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How do I add a row number to a table in SAS code?

Started ‎11-18-2015 by
Modified ‎05-03-2022 by
Views 175,355


I want to add a row number to a table. In some versions of SQL you can use PARTITION BY to add a row number and track that row counter over several BY group variables.  In SAS, how can I add a row counter using more than 1 variable?



If it's simply about the row number then SAS has an automatic variable _N_ which gives you exactly that. If you want to store this number permanently in a new variable then it's as simple as:

data want;
  set sashelp.class;


If you're more after creating a group identifier then something like below should work:

data want;
  set have;
  by var1 var2;  /* data set have must be sorted by var1 var2 */
  if first.var2 then group_id+1;

SAS syntax "group_id+1" as used in above code retains the variable so you don't need an additional RETAIN statement.


Or if you're after a counter within a group:

data want;
  set have;
  by var1 var2;  /* data set have must be sorted by var1 var2 */
  if first.var2 then 
  else counter_in_group+1;



Good post, it's a question which often comes up.  I would also like to add a couple of points on here.  The first is another method to get row number onto a dataset.  I would point out that this was not my code, @Ksharp has to get credit for it:


ods output sql_results=want;
proc sql number;
  select * from sashelp.class;


The second is an SQL function - MONOTONIC().  With this function though it's necessary to point out that on a parallel process, you may not get the results expected, so be careful:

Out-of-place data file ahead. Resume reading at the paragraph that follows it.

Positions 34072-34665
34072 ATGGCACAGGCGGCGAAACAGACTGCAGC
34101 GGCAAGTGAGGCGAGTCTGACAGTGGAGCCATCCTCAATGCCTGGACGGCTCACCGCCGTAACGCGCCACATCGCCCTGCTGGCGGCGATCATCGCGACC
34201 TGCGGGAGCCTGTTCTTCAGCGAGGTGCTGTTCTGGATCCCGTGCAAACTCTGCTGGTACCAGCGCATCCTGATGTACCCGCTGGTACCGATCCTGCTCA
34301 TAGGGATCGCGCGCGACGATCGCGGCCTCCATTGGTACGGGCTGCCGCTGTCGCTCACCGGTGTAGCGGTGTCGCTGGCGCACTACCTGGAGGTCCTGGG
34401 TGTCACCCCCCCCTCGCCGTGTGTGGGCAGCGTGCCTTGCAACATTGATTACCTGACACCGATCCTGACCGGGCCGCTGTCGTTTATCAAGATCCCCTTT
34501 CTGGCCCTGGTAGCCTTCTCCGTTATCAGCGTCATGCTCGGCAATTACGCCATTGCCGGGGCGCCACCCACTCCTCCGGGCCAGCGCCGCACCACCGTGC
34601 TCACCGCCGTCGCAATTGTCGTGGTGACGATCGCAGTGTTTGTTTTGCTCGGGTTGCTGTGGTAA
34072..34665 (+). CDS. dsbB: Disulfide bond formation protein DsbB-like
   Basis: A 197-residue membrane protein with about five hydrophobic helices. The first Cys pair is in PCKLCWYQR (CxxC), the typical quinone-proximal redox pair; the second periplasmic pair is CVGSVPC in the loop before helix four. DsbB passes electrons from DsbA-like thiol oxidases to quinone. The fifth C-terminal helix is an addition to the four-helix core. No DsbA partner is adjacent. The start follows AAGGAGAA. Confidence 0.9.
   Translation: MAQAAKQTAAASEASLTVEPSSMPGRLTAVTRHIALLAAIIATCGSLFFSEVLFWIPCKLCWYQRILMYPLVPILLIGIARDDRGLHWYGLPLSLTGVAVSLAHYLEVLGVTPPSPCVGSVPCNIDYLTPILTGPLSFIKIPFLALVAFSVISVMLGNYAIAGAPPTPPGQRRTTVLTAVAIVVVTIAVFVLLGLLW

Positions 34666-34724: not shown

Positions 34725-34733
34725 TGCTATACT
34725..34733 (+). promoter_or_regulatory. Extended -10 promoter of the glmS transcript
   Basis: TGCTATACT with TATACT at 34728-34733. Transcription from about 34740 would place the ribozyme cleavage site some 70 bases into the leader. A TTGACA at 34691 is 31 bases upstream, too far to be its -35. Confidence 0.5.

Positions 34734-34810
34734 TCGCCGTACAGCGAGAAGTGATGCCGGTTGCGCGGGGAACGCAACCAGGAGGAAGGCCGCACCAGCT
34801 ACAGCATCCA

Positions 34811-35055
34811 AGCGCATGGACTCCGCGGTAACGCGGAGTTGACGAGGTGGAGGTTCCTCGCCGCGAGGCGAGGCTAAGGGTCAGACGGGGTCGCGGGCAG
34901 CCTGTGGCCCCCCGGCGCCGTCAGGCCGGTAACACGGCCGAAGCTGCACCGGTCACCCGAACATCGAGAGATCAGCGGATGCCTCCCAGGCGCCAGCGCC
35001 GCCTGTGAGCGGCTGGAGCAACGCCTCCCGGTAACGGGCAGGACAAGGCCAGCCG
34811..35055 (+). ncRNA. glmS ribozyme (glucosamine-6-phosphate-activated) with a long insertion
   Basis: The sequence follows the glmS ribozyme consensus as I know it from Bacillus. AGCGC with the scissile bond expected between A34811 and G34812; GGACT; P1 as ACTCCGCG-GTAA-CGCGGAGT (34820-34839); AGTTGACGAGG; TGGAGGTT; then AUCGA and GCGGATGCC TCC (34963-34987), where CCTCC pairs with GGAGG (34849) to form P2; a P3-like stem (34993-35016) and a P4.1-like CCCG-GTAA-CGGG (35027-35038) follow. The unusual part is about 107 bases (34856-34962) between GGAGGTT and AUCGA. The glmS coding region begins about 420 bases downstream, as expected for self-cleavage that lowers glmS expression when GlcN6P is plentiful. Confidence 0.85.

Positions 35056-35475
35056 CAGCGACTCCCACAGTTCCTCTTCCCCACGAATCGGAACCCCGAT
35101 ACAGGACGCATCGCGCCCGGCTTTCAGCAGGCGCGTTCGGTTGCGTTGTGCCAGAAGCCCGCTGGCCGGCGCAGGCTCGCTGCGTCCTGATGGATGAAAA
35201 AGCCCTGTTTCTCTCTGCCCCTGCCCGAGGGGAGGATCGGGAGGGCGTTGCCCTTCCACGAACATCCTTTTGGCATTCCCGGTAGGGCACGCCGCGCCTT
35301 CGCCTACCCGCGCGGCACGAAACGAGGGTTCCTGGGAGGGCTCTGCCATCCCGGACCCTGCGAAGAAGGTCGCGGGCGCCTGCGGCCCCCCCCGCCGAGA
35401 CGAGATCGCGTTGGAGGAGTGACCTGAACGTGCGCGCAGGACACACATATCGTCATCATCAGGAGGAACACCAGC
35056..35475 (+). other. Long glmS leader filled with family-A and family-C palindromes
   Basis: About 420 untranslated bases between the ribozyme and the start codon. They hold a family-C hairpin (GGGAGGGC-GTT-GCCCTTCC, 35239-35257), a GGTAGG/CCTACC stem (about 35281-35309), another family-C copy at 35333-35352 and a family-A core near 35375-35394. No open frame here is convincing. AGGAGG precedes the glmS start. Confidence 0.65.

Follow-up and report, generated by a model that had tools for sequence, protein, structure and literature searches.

proc sql;
  select *,monotonic() as N from SASHELP.CARS;


There are specific implementations for SQL in other databases such as rownumber() over (); but as there is nothing in base SQL these aren't available to us.  Would be good to have an expanded SQL library available.

Thanks for these great comments, @RW9.  monotonic() is not a documented SAS function, though it has been included in Base SAS for years.  As a Base SAS function you can use it in PROC SQL (as you can with any SAS function), but it's not designed for SQL.  As you point out, you can get unpredictable results with it.  It appears in many SAS conference papers as a trick you can use, but users should be careful.


PROC SQL NUMBER is a good approach.  Here's the documentation for this option.



specifies whether the SELECT statement includes a column called ROW, which is the row (or observation) number of the data as the rows are retrieved.

The NUMBER option in PROC SQL seems to work only when printing the result but not when you want to add a row number column to a table (as the article title state Smiley Happy). 


The code below will not add a ROW column to the table.


proc sql number;
  create table work.class as
  select * from sashelp.class;


@Rikard - great point!  Fortunately, we can use ODS to output this table for us with the number intact.


ods listing;
ods output SQL_Results=outclass;
proc sql number;
 select * from sashelp.class;


This creates a table WORK.OUTCLASS with the row field as the first column.


Hi. Here's another idea. Using SASHELP.CLASS, add two counters: within age groups, within gender groups within age ...


proc sort data=sashelp.class out=have;
by age sex;


data want;
set have;
by age sex;
group_id + first.age;
counter_in_group + 1 - (counter_in_group)*;


Take a look ...



The MONOTONIC function is an undocumented SAS function. It needs no input parameters and if any input parameters are provided, these are ingnored. The function counts the number of times it is called and returns an ascending sequence of integers, starting at 1. The function can be used in an expressions and is syntatically valid in both a DATA Step and an SQL procedure. However, it may produce unexpected results in some circumstances.

How to put the number of obs in a variable without proc sql?
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Last update:
‎05-03-2022 01:20 PM
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